Dian Parker on Paul Bowles and the unfamiliar.
During quarantine, my dreams felt like Paul Bowles’s stories; dark, smoke-filled interiors, conjuring spells, tourists frantic to find a way out. Whether possessed by a spirit, or driven mad by the locals, Bowles takes us through a foreign landscape that is constantly unsettling. You never quite know where you are or even how you got there.
One of my favorites of his 62 stories is “The Circular Valley.” In the story, an Atlájala (spirit) is able to possess souls. It is lonely, now that the monastery where it lives has been abandoned. A young American couple, on a burro, ventures up the steep mountain to visit the ruined monastery. The Atlájala enters the man, but finds the man’s soul suffocating and painful because of the man’s jealousy and emotional neediness. The spirit leaves the man and slips into the woman: “Now it believed itself to be housed in nothing, to be in its own spaceless self, so completely aware was it of the wandering wind, the small fluttering of the leaves, and the bright air that surrounded it…each element was magnified in intensity, the whole sphere of being was immense, limitless.”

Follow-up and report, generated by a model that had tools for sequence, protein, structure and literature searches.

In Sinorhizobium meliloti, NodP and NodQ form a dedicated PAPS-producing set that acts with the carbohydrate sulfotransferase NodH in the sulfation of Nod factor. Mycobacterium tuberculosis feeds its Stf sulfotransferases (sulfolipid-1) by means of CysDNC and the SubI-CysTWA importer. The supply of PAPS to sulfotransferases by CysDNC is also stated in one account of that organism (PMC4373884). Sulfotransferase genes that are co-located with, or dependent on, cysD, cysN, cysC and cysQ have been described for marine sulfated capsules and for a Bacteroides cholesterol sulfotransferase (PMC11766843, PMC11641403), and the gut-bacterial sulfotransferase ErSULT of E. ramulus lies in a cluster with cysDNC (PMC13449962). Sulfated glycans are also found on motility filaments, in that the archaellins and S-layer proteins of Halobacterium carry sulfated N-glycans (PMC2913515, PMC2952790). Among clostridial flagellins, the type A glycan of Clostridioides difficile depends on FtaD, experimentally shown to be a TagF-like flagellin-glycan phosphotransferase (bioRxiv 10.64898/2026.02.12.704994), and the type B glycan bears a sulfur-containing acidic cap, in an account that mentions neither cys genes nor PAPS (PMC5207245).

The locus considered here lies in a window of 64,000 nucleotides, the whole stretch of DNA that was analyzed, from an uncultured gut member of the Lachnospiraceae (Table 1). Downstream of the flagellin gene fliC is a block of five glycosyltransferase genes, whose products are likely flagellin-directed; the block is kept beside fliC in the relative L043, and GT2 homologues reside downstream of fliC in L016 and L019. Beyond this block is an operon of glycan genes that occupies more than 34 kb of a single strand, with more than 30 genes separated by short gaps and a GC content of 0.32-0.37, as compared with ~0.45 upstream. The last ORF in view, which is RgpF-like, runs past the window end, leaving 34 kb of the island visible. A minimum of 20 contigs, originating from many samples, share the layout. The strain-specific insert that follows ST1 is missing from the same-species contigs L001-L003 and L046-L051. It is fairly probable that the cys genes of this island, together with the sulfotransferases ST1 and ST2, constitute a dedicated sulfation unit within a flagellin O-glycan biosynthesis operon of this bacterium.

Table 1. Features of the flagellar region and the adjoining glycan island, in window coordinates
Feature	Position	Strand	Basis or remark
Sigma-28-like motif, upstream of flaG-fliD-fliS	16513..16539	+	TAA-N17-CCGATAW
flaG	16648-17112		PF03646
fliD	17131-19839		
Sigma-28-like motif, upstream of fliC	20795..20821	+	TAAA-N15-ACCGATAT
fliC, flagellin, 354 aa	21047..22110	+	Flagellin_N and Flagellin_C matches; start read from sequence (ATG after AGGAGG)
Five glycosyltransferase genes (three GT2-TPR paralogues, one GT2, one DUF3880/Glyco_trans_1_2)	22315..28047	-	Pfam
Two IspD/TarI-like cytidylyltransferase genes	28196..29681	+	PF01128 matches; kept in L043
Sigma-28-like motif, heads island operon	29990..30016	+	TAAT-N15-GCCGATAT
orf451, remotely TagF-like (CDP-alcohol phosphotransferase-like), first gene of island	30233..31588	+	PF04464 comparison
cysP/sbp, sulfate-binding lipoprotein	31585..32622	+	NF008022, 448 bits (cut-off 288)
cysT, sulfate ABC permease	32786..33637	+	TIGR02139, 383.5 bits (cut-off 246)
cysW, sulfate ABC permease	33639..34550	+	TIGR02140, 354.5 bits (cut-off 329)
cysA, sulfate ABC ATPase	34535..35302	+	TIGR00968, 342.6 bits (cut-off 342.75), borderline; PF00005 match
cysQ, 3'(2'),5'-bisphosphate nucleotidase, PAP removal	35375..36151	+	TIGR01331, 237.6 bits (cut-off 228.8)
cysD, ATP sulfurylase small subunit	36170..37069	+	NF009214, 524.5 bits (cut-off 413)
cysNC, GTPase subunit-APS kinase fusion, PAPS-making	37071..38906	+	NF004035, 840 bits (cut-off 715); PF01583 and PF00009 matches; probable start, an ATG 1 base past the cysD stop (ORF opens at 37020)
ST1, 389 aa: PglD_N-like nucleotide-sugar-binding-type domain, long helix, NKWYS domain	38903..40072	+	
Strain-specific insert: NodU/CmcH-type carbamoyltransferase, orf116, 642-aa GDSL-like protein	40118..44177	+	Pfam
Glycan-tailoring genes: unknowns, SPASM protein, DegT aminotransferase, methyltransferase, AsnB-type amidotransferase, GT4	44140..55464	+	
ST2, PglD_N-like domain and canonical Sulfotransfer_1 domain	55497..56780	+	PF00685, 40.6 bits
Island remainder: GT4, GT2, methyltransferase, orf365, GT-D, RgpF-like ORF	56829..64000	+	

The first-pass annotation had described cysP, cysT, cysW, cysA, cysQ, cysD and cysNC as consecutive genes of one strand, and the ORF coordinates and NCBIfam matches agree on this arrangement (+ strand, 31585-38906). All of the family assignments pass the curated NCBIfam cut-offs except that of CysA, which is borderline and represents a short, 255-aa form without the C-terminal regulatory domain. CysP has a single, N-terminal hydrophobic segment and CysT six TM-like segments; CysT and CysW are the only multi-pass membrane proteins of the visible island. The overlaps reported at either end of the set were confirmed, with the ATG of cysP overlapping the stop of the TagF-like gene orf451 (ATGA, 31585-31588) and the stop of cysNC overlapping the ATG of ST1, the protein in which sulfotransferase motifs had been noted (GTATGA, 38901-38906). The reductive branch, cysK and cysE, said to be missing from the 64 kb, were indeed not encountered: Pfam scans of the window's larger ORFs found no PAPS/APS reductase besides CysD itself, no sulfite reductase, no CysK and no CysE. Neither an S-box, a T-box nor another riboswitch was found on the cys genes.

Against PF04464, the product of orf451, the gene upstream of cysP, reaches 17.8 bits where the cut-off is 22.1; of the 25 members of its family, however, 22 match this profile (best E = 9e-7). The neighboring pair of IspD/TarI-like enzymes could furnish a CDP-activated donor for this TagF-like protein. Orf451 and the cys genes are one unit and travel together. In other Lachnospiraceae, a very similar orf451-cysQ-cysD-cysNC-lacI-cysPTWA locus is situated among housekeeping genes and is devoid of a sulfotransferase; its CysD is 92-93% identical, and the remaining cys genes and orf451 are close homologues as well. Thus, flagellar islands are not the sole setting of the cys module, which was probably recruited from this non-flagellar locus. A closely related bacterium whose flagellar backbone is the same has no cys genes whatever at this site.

Sensing the woman’s pain and wanting to help, the Atlájala pushes the man off the cliff. Watching him fall, the woman “raised her head and a tiny exultant shiver passed through her.” The spirit never entered into another being’s awareness after that, having attained through the woman the sense of completion it sought.
This profound scene reveals the scope of Bowles’s understanding and sensitivity to the human condition. Setting his stories in foreign lands, like Morocco where he lived, Bowles places his characters in mysterious and terrifying situations where they have no familiar point of reference.
I traveled to Morocco. The intense light and silence of the desert, the shrouded women, clicking tongues and frantic drumming, along with my feverish nights, all conspired in me a sense of something lurking just beyond my awareness. So like today’s environment; inside and out. So like my dreams.
Dian Parker is a writer, curator, and oil painter. She lives and works in Vermont.
Paul Bowles (1910-1999) was an American author, composer, and translator best known for his writings based on his traveling experiences.